As dyslexia tutors, we assess strengths and weaknesses and create a personalised, structured learning plan. This can provide a more targeted approach to your learning, helping you improve quickly. We use multi-sensory teaching strategies to make reading and writing more manageable and enjoyable, which can lead to better retention and understanding.
Regular one-on-one sessions with a tutor can help build confidence in your learning abilities, improving motivation, academic performance, and general well-being. Learning with dyslexia can be frustrating and emotionally challenging. Dyslexia tutors provide a supportive and understanding environment.
Our tutors provide individualised expert support, and patience from first-hand experience; we help students thrive academically while encouraging them to grow as individuals.
We teach a variety of reading and writing skills and techniques for students with dyslexia in a multi-faceted approach that addresses their learning needs.
The tools that we have developed help students cope with anxiety and stress, which are prominent factors in dyslexia during education.
Find the perfect tutor by assessing their skills and compatibility. If you can’t decide, feel free to send us a message or schedule a free call.
Book a free introductory call with us to discuss options and ask any questions you may have about our process of supporting students with ADHD/ADD.
As soon as you feel confident in our methods and procedures, you can begin your course immediately by enlisting the help of one of our experts.
Dyslexic individuals learn best through multisensory, structured, systematic and cumulative teaching methods, as these simultaneously engage all the learning pathways in the brain (kinesthetic, visual, auditory). This could involve using physical letters for phonics, writing in sand, or picture imagery for reading comprehension. Orton-Gillingham and Wilson Reading Systems are popular methodologies. Additionally, they may thrive in a supportive, understanding environment that encourages self-paced learning and offers positive reinforcement. It’s vital to highlight their strengths alongside areas of difficulty, ensuring they maintain self-esteem and motivation. Each person’s learning preferences can vary, so personalisation is crucial.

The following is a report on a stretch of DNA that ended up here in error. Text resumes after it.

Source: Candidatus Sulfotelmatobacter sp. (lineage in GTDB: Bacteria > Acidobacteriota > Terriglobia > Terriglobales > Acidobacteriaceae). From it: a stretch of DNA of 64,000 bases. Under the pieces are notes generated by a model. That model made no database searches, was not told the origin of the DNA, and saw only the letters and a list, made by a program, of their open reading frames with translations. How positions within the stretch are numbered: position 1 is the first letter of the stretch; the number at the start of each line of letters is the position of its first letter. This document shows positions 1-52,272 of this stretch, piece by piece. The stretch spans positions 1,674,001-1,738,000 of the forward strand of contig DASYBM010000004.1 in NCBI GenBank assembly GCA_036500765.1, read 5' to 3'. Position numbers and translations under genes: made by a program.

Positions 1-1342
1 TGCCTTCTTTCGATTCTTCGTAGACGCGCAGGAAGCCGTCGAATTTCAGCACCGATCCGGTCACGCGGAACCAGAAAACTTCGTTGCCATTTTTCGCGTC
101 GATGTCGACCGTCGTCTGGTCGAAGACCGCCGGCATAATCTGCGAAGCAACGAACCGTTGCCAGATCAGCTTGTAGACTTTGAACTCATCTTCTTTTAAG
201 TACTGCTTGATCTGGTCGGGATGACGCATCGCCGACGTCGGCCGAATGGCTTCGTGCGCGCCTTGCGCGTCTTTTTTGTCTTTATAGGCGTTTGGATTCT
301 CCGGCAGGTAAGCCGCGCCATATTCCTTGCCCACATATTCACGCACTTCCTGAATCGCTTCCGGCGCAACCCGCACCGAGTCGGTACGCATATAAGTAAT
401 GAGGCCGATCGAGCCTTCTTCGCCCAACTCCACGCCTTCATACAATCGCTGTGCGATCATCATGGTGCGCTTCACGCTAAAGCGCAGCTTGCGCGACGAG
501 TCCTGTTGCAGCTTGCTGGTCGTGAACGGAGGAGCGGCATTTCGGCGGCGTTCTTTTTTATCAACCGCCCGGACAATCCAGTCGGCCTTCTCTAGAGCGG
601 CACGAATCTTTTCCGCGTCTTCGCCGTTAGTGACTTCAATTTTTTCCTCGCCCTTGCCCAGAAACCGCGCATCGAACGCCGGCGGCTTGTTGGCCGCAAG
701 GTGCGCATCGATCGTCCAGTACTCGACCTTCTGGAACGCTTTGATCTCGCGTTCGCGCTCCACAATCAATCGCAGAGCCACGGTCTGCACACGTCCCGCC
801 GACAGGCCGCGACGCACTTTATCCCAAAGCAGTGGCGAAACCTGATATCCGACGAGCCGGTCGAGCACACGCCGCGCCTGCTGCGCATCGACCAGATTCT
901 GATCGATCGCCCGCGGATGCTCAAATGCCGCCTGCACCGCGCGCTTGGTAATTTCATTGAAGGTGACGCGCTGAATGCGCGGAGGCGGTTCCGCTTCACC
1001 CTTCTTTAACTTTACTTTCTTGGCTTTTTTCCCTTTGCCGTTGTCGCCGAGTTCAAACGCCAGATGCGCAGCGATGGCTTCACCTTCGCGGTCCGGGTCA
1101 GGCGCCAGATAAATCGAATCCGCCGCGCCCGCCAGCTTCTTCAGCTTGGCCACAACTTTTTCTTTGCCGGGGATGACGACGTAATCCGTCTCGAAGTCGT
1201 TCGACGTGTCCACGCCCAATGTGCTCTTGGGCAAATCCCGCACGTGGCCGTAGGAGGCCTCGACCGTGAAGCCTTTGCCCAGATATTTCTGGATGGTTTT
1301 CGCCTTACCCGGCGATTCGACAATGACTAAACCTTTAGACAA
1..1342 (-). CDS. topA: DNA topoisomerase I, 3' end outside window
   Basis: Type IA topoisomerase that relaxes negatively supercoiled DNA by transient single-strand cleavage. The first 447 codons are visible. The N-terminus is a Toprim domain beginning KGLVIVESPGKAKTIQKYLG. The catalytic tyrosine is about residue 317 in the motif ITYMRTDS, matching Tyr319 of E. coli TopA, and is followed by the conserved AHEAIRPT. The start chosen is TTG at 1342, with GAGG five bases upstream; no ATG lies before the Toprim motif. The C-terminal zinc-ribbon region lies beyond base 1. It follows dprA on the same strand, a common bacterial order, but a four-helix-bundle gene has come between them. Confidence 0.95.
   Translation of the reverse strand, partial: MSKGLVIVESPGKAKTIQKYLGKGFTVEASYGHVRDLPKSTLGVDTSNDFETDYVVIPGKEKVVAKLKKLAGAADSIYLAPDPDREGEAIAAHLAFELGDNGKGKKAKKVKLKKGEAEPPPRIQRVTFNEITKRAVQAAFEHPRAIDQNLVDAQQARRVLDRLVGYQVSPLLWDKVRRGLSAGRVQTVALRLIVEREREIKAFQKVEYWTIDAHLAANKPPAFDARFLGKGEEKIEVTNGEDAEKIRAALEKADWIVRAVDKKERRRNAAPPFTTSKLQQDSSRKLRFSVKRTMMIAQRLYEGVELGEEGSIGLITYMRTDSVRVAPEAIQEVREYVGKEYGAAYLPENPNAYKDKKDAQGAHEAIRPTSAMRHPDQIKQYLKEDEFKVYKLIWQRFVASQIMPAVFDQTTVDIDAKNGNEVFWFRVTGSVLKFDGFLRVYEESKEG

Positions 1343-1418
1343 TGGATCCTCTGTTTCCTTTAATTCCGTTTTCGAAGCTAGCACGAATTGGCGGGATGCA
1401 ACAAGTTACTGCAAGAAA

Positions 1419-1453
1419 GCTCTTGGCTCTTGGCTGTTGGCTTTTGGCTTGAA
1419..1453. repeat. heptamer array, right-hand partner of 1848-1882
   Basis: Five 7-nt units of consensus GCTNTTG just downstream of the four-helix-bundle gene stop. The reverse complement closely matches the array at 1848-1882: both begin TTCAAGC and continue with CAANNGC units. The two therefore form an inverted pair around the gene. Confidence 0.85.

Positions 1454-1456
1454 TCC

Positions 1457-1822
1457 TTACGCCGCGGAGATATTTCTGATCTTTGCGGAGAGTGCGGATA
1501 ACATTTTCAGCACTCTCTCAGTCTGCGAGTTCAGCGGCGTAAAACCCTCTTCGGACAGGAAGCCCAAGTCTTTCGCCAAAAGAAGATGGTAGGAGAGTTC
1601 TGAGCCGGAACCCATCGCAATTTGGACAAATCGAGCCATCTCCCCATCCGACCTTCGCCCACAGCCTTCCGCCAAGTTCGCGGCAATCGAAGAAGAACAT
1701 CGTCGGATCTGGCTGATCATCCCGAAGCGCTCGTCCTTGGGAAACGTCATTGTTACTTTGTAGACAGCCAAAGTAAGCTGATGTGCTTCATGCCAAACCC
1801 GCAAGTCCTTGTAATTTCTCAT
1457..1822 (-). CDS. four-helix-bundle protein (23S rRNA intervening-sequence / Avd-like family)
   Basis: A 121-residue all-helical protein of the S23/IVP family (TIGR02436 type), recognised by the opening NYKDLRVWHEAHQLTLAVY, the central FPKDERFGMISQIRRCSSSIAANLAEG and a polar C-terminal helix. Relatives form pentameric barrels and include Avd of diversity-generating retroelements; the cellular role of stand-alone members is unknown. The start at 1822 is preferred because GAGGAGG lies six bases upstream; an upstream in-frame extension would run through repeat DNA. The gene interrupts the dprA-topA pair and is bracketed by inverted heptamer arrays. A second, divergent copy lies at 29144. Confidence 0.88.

While dyslexia is a lifelong condition, with the proper support and intervention, individuals with dyslexia can learn to read and write effectively. Strategies can significantly improve literacy skills, including tailored phonics-based tuition, multisensory learning techniques, and assistive technologies. Furthermore, many people with dyslexia excel in problem-solving, creativity, and critical thinking. So, while ‘overcoming’ may not be the correct term, individuals with dyslexia can undoubtedly adapt and develop strategies to succeed academically and professionally. It’s essential to recognise dyslexia early and provide the necessary support to ensure individuals reach their full potential.
People with dyslexia can struggle with various aspects of reading. These can include difficulty in recognising and distinguishing letters, decoding words and associating them with sounds (phonemic awareness), spelling, reading fluently and at a reasonable speed, and understanding what has been read. People with dyslexia can also find it hard to recognise familiar words without sounding them out. These challenges make dense text, small fonts, and tightly spaced lines particularly hard to read. Therefore, clear, well-spaced text with a simple layout can help people with dyslexia to read more easily.
Dyslexia primarily affects a student’s reading, writing, and spelling ability. It can cause difficulties with phonological processing (the manipulation of sounds), spelling, and rapid visual-verbal responding. Dyslexic students often struggle with decoding words and comprehending what they read. Additionally, it can impact memory, organisation skills and sequencing skills. This can lead to challenges in academic performance and sometimes lower self-esteem. It’s important to note that dyslexia has nothing to do with a student’s intelligence; many dyslexic individuals are highly creative and successful. With appropriate support and intervention, students with dyslexia can thrive in school.